That being said, I will not dive in head first to Standard and Extended. These formats are time intensive, as well as expensive to get into, especially now with IPA still legal in the latter and Garruk Wildspeaker and Tarmogoyf dominating the former. I simply do not currently have the funds to be even remotely competitive in these formats. Block, on the other hand, is largely untested waters and is a comparatively simpler game. Perusing the prices on MTGOtraders.com, we can see that the average rare price for Lorwyn is under four dollars, with only a handful exceeding the five dollar mark. This makes it an enticing prospect for me as an aspiring tournament player.

But why Block, especially with the next PTQ season being Extended?

Simply put, I am not good enough yet to play Extended competitively. The format is fast and full of power, and playing PDC for the past few years has left me with dulled senses for some tricks that would otherwise be considered obvious. Look back to Antoine Ruel's PT: LA. In Ruel's match with Kenji, he laid a Watery Grave tapped and then on the second turn did not challenge a Force Spike on his Duress from Kenji with the mana up. Kenji then ran his own Duress into Ruel's Force Spike. The mastery of this play is seen in extended,`and as I have said, I am not that forward thinking yet. Block, on the other hand, is simpler. In a block based on Tribal, the format will most likely tend towards creatures rather than control as was the case in Time Spiral block. This should be the case for the early stages of Lorwyn Block Constructed as the format strikes me as very linear. Additionally, the format is relatively untouched with two decks (as I understand) really doing well: UB Faeries and Mannequin.dec, both of which are Standard ports.

Looking at these decks, they share Islands, which is important because it leaves them vulnerable to Merfolk. I have an unhealthy attachment to the fishy tribe for some reason (really, I have no idea why). They might be viable as a metagame deck aimed at taking down a field full of control. They are fragile and lose a lord in the transfer from Standard to Block, meaning the beat down plan would take significantly longer. The mill strategy is not strong enough to be competitive, as it hinges on Forced Fruition, which while a beating is quite slow. The ability to overwhelm with Summon the School pales in comparison to the token generating ability of the Elf tribe.

Shriekmaw

Since the two decks that I have observed that do well are Standard ports, it makes sense that other Tribal strategies should translate almost as well. It makes sense that Elves, Goblins, and Kithkin, both decently represented in Standard, should make the initial transfer to Block. Similar, I can expect certain builds of Mono-Blue Guile control. This makes sense due to the strength of countermagic available in Lorwyn and the fact that Blue, as usual, is strong.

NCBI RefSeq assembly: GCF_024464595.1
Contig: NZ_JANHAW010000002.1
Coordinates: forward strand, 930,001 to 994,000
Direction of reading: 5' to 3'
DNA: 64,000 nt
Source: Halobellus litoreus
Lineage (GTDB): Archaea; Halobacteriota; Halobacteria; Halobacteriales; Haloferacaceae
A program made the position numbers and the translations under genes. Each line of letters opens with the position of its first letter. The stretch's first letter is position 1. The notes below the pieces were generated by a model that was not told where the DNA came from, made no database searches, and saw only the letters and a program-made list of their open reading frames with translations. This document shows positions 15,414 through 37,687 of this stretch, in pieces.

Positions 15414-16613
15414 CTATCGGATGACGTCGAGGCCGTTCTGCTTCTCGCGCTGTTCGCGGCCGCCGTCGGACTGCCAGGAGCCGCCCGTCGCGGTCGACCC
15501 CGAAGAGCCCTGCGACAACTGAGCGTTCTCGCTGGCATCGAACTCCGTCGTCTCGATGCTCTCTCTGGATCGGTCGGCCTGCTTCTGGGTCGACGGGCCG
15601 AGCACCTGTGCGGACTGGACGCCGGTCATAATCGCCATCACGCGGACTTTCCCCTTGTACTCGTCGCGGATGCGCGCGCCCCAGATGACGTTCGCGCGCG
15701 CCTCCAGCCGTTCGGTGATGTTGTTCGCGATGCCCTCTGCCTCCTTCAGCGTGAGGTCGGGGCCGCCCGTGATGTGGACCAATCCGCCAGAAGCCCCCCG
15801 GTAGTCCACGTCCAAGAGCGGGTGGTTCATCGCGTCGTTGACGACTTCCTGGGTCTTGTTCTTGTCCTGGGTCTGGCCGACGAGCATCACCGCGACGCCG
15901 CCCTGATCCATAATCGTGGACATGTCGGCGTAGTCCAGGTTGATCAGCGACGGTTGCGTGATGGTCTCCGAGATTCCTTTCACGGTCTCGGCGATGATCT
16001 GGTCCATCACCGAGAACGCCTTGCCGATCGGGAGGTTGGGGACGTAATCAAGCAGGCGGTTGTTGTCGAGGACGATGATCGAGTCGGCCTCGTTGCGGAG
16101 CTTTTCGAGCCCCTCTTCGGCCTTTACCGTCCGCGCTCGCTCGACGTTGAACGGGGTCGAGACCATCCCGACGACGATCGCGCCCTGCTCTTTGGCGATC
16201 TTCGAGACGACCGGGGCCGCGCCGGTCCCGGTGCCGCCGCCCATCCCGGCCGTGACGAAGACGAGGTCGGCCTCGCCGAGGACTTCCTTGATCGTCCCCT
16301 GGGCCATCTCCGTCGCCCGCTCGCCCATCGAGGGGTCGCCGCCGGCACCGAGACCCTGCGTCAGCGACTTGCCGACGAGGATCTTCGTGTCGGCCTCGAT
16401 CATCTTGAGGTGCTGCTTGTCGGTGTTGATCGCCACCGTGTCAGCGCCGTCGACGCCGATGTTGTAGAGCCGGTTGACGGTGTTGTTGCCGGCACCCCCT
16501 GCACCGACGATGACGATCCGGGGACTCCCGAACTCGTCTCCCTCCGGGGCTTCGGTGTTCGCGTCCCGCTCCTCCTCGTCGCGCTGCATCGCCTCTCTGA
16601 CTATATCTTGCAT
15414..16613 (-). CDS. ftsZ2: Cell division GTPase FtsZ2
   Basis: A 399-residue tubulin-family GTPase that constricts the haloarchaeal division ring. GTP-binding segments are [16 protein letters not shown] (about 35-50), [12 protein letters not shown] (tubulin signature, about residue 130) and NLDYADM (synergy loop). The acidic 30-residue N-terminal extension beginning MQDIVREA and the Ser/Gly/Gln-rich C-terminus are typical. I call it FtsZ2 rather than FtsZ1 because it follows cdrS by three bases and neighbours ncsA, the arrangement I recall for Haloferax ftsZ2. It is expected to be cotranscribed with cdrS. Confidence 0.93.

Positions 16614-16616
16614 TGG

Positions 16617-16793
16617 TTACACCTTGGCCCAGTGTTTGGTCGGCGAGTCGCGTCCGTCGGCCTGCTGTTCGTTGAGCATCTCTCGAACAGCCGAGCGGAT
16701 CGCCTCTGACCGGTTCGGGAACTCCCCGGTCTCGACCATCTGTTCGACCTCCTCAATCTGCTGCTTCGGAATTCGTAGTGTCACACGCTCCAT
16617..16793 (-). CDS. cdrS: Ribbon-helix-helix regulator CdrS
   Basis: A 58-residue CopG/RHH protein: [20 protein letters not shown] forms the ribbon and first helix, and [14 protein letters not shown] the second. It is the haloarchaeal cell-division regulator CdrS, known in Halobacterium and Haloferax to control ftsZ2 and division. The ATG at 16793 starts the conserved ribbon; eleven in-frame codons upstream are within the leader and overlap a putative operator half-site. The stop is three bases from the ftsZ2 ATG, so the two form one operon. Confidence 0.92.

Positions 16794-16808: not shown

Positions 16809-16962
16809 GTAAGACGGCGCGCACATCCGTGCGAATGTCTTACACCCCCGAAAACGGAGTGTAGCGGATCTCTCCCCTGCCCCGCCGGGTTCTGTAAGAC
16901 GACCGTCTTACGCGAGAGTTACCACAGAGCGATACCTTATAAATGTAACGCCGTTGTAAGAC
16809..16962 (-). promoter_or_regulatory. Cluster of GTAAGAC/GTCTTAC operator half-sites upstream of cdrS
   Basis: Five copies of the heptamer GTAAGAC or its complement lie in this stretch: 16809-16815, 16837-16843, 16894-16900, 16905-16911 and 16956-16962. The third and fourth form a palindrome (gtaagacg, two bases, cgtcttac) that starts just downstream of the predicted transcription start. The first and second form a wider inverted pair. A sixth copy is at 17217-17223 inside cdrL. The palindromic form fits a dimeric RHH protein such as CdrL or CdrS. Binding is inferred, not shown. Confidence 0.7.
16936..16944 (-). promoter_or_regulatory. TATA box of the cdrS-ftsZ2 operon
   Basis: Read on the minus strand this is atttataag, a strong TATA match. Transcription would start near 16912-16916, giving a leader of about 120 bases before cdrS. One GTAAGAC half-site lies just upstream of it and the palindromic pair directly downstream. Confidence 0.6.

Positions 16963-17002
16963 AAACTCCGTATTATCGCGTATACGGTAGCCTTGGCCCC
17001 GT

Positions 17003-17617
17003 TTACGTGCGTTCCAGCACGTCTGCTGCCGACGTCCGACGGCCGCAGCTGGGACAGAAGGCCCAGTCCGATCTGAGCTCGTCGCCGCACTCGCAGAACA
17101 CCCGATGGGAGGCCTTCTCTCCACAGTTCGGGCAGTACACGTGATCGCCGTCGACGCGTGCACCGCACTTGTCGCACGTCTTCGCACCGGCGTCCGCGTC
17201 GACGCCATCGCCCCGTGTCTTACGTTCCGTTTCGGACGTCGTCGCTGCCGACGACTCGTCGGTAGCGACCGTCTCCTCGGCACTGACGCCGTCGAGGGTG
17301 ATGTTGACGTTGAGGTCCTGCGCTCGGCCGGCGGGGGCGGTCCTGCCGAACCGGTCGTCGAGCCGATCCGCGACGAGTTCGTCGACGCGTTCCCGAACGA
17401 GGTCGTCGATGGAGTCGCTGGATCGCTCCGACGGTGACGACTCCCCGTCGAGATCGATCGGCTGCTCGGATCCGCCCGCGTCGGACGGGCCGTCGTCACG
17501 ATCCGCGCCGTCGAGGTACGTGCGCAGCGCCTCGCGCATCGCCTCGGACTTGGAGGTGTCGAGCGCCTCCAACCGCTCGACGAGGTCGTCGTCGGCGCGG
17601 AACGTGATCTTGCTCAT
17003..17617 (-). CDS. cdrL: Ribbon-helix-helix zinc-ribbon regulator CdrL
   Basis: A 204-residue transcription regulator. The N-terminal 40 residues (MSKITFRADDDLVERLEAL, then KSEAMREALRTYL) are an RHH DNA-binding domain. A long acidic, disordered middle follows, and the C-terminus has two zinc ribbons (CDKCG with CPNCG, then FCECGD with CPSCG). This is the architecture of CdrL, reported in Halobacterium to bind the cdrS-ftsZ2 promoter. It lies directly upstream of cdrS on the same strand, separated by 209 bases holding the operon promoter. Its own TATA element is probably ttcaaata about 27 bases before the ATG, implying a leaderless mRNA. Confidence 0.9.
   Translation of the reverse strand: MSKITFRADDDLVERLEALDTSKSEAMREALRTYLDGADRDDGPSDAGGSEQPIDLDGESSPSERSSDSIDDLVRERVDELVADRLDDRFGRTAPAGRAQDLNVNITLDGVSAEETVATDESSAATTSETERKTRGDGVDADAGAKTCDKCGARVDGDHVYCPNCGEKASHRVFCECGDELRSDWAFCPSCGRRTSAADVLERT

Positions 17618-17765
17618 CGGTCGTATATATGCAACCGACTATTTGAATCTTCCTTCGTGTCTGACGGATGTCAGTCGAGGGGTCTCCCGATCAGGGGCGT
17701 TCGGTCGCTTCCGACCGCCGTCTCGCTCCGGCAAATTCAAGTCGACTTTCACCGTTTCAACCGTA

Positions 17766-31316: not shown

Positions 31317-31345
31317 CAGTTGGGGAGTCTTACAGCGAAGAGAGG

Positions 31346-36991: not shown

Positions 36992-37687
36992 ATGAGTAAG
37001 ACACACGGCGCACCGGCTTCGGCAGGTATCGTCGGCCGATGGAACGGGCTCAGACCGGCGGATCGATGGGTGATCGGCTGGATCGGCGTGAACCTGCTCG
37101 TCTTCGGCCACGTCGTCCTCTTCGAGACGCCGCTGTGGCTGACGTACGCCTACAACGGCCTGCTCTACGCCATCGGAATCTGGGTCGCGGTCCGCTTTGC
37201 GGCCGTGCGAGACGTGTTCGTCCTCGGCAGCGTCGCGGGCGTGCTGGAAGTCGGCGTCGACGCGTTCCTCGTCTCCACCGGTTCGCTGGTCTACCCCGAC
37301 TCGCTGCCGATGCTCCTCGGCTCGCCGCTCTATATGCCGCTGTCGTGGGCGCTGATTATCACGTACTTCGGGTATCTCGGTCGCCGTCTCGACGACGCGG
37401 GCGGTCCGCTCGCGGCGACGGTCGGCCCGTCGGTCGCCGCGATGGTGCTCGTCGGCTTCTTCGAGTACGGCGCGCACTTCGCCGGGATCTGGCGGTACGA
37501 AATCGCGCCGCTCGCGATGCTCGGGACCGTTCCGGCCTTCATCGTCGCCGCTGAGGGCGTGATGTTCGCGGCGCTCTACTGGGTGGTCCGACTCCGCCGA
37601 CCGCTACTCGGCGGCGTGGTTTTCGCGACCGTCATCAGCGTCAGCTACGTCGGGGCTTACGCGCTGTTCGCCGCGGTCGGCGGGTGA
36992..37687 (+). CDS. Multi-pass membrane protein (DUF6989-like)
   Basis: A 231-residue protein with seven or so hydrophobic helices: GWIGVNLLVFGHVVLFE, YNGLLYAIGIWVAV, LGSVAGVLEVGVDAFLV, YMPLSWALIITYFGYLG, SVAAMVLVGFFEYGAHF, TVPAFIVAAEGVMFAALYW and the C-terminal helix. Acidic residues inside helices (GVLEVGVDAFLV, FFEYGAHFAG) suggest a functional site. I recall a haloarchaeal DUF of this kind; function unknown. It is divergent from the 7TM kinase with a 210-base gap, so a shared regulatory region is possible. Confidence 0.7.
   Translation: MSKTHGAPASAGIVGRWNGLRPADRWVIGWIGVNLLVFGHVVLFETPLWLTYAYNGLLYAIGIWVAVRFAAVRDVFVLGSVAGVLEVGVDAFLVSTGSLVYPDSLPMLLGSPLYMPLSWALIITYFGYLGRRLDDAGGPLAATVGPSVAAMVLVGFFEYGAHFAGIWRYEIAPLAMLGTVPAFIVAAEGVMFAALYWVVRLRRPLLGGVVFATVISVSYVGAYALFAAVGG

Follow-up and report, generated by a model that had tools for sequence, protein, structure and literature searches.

One deck I see as doing well that does not have a direct Standard counterpart is Greedy Elementals. This deck takes advantage of the Vivid lands and Smokebraider to power out powerful elementals such as Mulldrifter and Shriekmaw while beating down with Flamekin Bladewhirl and using the Changeling aspect of Nameless Inversion to some sick advantage. Also, I would not be entirely surprised to see some sort of Doran, the Siege Tower deck sprout up.

There is another aspect of Lorwyn Block that I must consider before starting my foray into tournament play, and it is the fact of Planeswalkers. This is the first Block to ever have such cards, and in order to do well, my decks need to have a way to deal with them. Thankfully, every color has a way in addition to outright damage from combat, so this is a secondary concern.

So what will my path be? I have toyed around with an underpowered Merfolk build, mostly because I lack all the rares as of now (the joys of being a PDC freak). I see true potential in the deck, but until I can get my hands on a set of (Cryptic Commands), this deck will be a pipe dream. However, if you have a set and want to give the deck a whirl, here is my current list.

16 Island
2 Plains
4 Aquitect's Will
4 Broken Ambitions
4 Deeptread Merrow
4 Familiar's Ruse
2 Merrow Harbinger
4 Merrow Reejerey
4 Mulldrifter
1 Paperfin Rascal
2 Silvergill Adept
2 Sygg, River Guide
3 Vivid Creek
2 Vivid Meadow
2 Wanderer's Twig
4 Whirlpool Whelm

Silvergill Adept